This summer, I worked in the Quantum and Molecular Photonics Laboratory (LPQM), École Normale Supérieure Paris-Saclay (ENS Paris-Saclay) under the supervision of Dr. Ngoc Diep Lai and Ph.D. student Mao Fei. My work focused on Direct Laser Writing (DLW) of metallic nanostructures in the applications of data storage and color nanoprinting. DLW is the process of focusing a laser beam on a material and realizing desired microstructures. Usually, this technique is used to fabricate submicrometer 2D and 3D polymeric structures. Very recently, the LPQM lab demonstrated that the DLW technique could also be used for the production of metallic nanostructures. In this case, the light beam is focused onto a thin film of metal to induce a local hot spot which causes the dewetting effect to occur. When the metallic thin film is dewetted, metallic nanoparticles that are of size on the order of tens of nanometers are formed. Under the illumination of a light beam, the metallic nanoparticles present a plasmonic effect, which means that light interacts with free electrons of these nanoparticles to create induced resonant dipoles. These induced resonant dipoles cause the absorption of light at a specific wavelength called the plasmonic resonance. Viewing the illuminated nanoparticles under either a transmission or reflection microscope shows the effect of the absorption and/or scattering of light by the induced resonant dipoles, resulting in the sample appearing as different colors. The plasmonic resonance spectra of the nanoparticles are dependent on the average size of the nanoparticles, so by changing the average size of the nanoparticles, we are effectively able to shift the absorption spectra, and tune the corresponding color of the sample. In practice, by changing the laser power or the scanning speed, we are able to change the average size of the nanoparticles, and thus, we are able to change the color of the fabricated structures. Using this idea, I explored a wide range of laser parameters on thin films of gold, silver, and a mixture of both gold and silver to realize structures such as letters and images with different colors. In past research, DLW was used on a thin layer of gold to successfully realize structures, so the first step of my research was to confirm these results, and to see if we could get similar, if not identical, results with a layer of gold of a different thickness than was originally used. After getting successful results with gold, I moved on to silver to see if the realization of these structures was possible and if a range of colors could be achieved. It was found that the realization of nanostructures with silver is possible, and while the range of colors achieved is not broad, the colors are finely tunable. To wrap up my research, I looked at the realization of structures on different mixtures of gold and silver. The results from these inhomogeneous mixtures were not what we expected, but the possibility of using these mixtures in real-world applications is a possibility after more testing and further understanding of the optical properties of these materials.
Top Claire Onsager: Fabrication of a 3D printed micromirror for microfluidic ray optics experiments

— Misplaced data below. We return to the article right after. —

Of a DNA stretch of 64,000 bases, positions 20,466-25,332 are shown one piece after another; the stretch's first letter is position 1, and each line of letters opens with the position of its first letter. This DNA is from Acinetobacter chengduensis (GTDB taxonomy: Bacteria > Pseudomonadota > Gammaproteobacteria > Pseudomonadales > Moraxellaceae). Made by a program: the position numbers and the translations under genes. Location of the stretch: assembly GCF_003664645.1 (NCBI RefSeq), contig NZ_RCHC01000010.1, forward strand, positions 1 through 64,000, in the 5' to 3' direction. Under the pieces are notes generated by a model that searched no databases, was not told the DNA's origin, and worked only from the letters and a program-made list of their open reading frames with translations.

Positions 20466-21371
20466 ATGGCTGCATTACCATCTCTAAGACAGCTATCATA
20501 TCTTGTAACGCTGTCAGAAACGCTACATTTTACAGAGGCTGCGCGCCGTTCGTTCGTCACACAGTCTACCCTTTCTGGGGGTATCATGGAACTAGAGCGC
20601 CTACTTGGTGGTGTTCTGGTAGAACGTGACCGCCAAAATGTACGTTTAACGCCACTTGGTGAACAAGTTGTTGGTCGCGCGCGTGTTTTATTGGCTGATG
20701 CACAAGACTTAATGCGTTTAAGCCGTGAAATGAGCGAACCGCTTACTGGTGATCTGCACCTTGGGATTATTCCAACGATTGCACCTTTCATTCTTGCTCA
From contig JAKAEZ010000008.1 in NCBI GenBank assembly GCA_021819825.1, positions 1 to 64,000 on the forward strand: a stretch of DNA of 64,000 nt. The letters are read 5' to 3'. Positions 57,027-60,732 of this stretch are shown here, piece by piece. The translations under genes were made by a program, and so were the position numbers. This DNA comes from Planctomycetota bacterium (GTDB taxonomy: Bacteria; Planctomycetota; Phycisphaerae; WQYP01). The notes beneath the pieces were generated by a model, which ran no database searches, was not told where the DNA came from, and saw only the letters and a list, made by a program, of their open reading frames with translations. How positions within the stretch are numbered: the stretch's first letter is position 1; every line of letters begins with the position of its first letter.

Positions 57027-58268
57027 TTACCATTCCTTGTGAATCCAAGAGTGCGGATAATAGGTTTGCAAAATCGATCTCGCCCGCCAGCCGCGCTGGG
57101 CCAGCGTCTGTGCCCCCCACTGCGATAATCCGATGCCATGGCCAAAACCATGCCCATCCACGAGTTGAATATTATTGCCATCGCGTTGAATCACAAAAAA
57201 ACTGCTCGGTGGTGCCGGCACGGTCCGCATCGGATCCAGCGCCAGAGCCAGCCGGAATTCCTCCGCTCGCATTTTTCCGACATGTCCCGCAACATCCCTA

This summer I had the pleasure of working at the PPSM lab at ENS-Cachan with Dr. Robert Pansu and Jean Frederic Audibert. I was tasked with the fabrication of a 3D printed micromirror to work with the lab’s microfluidic ray optics experiments. In their current setup, they are observing crystallization in flow within a small capillary tube of appx. 300µm in diameter. During this study, they observed the capillary through a microscope with a bottom view. They hoped that with the use of micromirrors they could obtain a view of other areas of the tube. This created the need for a very specific part. The mirror needed be large enough to fit around the capillary without concealing the view. Another requirement was that the mirror cannot block the microscope light coming from above, requiring a small observation slit in the part. In addition, due to the images they wished to produce, it was necessary to fabricate two mirrors, a parabolic mirror and a right-angle mirror. Before we could do any fabrication, we needed to determine the restrictions of our 3D printer. I spent a week creating test prints to check how small we could print lines and holes. These tests helped me determine the printer’s accuracy and consistency. Once that process concluded, I began work on the curved mirror with a 600µm diameter. I created the design in Google SketchUP, making sure to include enough material for support and easy handling. The program Cura was then utilized to modify the printer settings to produce small details. In order to be used as a mirror, the curved surface needed to be optically smooth. This smoothness is below the resolution of the printer (250µm). To overcome this issue, we tried printing on a mold, a difficult process to do with our 3D printer. After many tests of the printer settings, we were able to print a design with the insertion of a wire during the print. The printer would then fill in the area around the wire with material, creating a circular mirror. However, upon examination of the mirror surface, we could see the texture of our wire. To remedy this, I found a way to use Acetone vapor to smooth the surface. This process allowed us to eliminate the ridges created by the wire, as well as any visible layers from the printer. Once the mirror was printed, we needed to make it reflective. This was done by use of a silver coating using Tollens reaction. I tested a variety of Tollens recipes before finally adjusting one from North Carolina State University to produce the desired result. The Tollens process is a back-coating method. This means that when coating a sample such as the inside of a glass jar, the best mirror shine will appear on the outside of the glass. However, we were using the process to front-coat our samples. The result left our mirrors dull and yellow tinted. With the use of chemical and mechanical polishing methods we found that we can increase this shine. After the circular mirror, I created the right-angle mirror. In this design, we added a support to keep the capillary a certain height from the mirror surface. Instead of the mold method, I created the shape with the printer directly. I then smoothed and silvered it in the same manner I had for the circular mirror. To prove that the mirrors worked, I needed to test them optically. Due to their small size, many of these tests involved a microscope that could take measurements and detailed images. With the right-angle mirror, it was easy to see the images created when a colored capillary is centered. By shining light onto the sample, one can easily see two reflections of our capillary on the mirror faces. Their location revealed that the printer was imprecise and resulted in the mirror angle to be closer to 120 degrees than 90. We believe that with better equipment and more adjustments these mirrors will work. The circular mirror was much trickier. Our original plan to find a point where reflected light converged soon appeared impossible given the small size. We then investigated new testing methods such as the use of a laser beam to provide a visible path of light. In the end, while we did not have a fully functional mirror, we were aware of the steps needed to make one and had many ideas for improvement.